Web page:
Chris is a sound designer, music composer, recording engineer, foley artist, mixing and mastering engineer, and self-proclaimed voice actor. Currently living in Plano, Texas, he graduated with a BA in Arts & Technology in May 2014, while dual focusing in sound design and 3D lighting/compositing. Chris has always had a passion for audio, and he realized during his career at UT Dallas that making sounds and music for games was the perfect creative medium for him. Sometimes, when he isn’t working on projects, Chris likes to record himself destroying everyday household items in his closet recording studio.
Tyler Tomaseski: @GodJammit
Tyler, co-founder of PolyKnight Games, is a programmer and the director of PolyKnight Games. Tyler began teaching himself how to program in C++ (his first programming language) about 8 years ago, and is now graduating with a Bachelors of Science in Software Engineering. When he isn’t selling his soul to the programming gods, he's usually playing Dark Souls, Dragon’s Dogma, Shadow of the Colossus, or reading the works of Harlan Ellison.
Steve Zapata: @ZappForThat
Steve, co-founder of PolyKnight Games, is a 3D and environment artist, texture artist, and created the shaders used in InnerSpace. Steve first taught himself Photoshop 7 years ago and created digital paintings until college, where he began 3D modeling. He has been actively designing and creating games for 5 years now. When Steve isn’t working, he’s spending his time playing Metroid Prime, VVVVVV, God of War, and learning to make new drinks as an aspiring mixologist.
- PolyKnight Tumblr
- InnerSpace Tumblr
- Steam Greenlight
- E-Mail: email@example.com
We’re currently developing InnerSpace with the tools we have available to us. Most of us are current students and, as such, don’t have the deepest of pockets. Since each of us work part-time jobs, in conjunction with going to school, we quickly found that in order to create the game we’d like InnerSpace to be, we needed to more funds. The scope of the game we would like to make is far greater than what we can do on our own, with our collective finances.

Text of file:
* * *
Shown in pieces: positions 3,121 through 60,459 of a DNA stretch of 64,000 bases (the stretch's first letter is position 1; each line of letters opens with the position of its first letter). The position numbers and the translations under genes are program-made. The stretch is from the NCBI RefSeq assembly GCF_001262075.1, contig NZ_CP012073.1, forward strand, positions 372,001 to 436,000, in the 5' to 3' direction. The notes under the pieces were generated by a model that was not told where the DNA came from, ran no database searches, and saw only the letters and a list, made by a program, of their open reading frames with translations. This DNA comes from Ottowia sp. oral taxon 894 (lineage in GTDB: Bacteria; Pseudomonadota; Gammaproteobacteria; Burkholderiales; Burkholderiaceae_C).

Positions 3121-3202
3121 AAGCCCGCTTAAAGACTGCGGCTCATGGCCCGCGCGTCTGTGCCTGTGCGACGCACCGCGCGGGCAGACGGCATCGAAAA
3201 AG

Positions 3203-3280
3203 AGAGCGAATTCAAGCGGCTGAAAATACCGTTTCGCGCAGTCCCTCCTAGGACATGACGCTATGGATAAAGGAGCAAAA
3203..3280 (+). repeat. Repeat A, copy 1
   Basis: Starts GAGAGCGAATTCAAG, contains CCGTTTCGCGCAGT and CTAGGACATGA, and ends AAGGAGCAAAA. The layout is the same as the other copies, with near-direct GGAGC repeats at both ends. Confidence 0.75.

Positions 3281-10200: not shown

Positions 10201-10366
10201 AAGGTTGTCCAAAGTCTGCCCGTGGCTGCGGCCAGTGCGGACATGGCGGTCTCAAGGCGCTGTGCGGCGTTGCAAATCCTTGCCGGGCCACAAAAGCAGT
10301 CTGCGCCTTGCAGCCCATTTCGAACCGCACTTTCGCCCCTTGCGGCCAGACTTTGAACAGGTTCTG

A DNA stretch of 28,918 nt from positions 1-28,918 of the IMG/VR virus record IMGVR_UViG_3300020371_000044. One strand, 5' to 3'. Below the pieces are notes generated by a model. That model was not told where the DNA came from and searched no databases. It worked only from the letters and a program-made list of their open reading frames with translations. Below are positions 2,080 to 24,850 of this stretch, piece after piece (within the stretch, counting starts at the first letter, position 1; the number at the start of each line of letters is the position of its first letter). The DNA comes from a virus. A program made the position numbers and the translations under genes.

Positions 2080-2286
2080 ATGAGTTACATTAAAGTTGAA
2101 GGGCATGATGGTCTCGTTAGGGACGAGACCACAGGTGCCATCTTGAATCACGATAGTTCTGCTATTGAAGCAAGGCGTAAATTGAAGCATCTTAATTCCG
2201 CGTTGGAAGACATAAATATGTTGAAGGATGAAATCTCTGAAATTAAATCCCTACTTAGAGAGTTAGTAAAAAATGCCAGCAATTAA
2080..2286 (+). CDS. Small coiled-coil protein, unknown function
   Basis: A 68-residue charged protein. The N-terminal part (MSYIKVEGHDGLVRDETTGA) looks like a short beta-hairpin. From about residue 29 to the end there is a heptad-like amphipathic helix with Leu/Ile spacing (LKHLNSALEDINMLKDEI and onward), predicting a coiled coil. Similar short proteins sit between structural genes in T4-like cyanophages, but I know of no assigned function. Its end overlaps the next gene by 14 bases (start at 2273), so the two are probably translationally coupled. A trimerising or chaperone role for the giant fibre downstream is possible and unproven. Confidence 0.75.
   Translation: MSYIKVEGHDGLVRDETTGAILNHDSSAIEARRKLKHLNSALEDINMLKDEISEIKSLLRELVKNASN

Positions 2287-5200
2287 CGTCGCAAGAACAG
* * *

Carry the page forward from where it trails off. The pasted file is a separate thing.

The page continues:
Why is this Campaign Longer than 30 Days?
We're participating in "ATEC Crowdfunding Month," supported by The University of Texas at Dallas. As one of the few projects to be approached by the university to take part, we wanted to ensure that our campaign ended simultaneously with the others. This caused our campaign to extend beyond the standard 30 days.
Risks and challenges
We recognize the challenges of an independent startup. Gaming is like any industry, as the failure rate of new companies within their first few years can be staggering. However, we have full confidence in our ability to succeed. In order to make PolyKnight a success, a mix of personal sacrifices and help from both friends and people like you is required. By receiving funding from a successful Kickstarter campaign, the likelihood of our success will increase dramatically. Since a number of our contributors are recent and soon-to-be grads, the days that they can help us out of the good of their hearts may be numbered, as they look for full-time work with the shadow of student loans looming over them. Without this funding, PolyKnight Games and InnerSpace may lose the staff necessary to create the best version of what the game can be. The core team at PolyKnight will stay together and InnerSpace will be finished, but the scope of game that we believe the project deserves may not come to fruition.Learn about accountability on Kickstarter
- (46 days)